The world's biggest contract chipmaker Taiwan Semiconductor Manufacturing Co (TSMC,
That would make the TSMC the third in the world after Intel Corp and International Business Machines (IBM) to offer chip manufacturing employing such advanced and cost-saving technology.
"We are accelerating [the development of] 45-nanometer processing technology. We will turn out the first batch of chips using this technology in the third quarter of 2007," Jack Sun (
Compared with 65-nanometer processing technology, the new technology allows chipmakers to cut 40 percent more chips from a silicon wafer by shrinking the circuitry width of a chip to 45 nanometers.
Demand would come from consumer electronics gadgets including mobile phones and game consoles, Sun said, adding that he expected the launch of Microsoft Corp's new Vista operating system and Intel Corp's new chips to further spur demand.
TSMC manufactures chips for many leading global firms, including Texas Instruments Inc, the world's top supplier of chips for mobile phones.
"It is important for TSMC to maintain its [technological] leadership in the contract chip manufacturing industry as this brings in more orders for the company and enhances its competitiveness in the longer term," said Wang Bou-li (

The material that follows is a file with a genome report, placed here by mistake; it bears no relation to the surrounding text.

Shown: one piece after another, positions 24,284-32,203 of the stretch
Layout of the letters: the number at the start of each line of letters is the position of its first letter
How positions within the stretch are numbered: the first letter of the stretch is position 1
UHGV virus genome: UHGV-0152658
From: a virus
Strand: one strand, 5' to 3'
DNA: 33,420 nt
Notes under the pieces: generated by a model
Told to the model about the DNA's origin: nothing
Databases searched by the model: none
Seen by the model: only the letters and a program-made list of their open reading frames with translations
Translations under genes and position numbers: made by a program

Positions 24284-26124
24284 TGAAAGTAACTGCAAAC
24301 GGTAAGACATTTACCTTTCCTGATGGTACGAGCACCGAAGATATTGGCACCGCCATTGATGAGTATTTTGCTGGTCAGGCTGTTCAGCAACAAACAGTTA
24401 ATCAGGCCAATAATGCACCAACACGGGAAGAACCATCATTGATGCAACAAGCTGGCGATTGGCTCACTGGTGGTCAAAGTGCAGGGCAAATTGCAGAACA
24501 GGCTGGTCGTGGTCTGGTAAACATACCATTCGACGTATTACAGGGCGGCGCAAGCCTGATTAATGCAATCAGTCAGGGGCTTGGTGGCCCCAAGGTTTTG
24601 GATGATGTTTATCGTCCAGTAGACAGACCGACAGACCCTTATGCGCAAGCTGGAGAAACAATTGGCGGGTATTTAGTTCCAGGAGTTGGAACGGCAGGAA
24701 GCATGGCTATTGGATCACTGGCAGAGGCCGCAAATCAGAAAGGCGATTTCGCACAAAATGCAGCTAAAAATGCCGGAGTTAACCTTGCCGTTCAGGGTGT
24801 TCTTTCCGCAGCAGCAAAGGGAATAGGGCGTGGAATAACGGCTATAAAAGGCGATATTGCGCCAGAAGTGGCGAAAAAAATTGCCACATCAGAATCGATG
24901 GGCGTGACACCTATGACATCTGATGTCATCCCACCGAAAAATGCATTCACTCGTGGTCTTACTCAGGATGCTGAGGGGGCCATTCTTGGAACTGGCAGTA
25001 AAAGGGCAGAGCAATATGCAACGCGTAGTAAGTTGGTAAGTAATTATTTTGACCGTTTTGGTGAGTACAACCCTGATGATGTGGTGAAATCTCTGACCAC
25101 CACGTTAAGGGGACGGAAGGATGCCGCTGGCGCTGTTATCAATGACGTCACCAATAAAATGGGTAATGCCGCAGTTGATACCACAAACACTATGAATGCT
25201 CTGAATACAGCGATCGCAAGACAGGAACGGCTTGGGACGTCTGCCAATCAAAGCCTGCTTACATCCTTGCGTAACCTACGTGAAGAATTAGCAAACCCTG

A recent example is the way TSMC left its rival, United Microelectronics Corp (UMC,
Moreover, TSMC's advanced 12-inch fabrication plants are running at nearly full capacity, while UMC is still trying to lure orders to fill its capacity, Wang said.
Over the past year, TSMC grabbed 70 percent of the market for chips manufactured on 90-nanometer processing technology -- currently the most advanced, mainstream processing technology, Sun said.
He said he expected the firm to gain a similar share in the market for 65-nanometer technology.
Sun said TSMC currently has 18 customers for its 65-nanometer processing technology, with mass production employing this technology scheduled to start in the second half of this year.
Meanwhile, UMC said yesterday that it had obtained qualifications from two customers for its designs and was pilot-testing various 65-nanometer products.
The company added that it had signed on eight other customers and expected 11 product tape-outs by the end of summer.
Sun, who worked at IBM for 14 years before joining TSMC in 1997, is taking over Chiang Shang-yi's (蔣尚義) position as head of research and development.
Chiang plans to retire next month.
Shares in TSMC and UMC jumped 4.34 percent and 3.24 percent to NT$57.7 and NT$19.1, respectively, on the Taiwan Stock Exchange yesterday.
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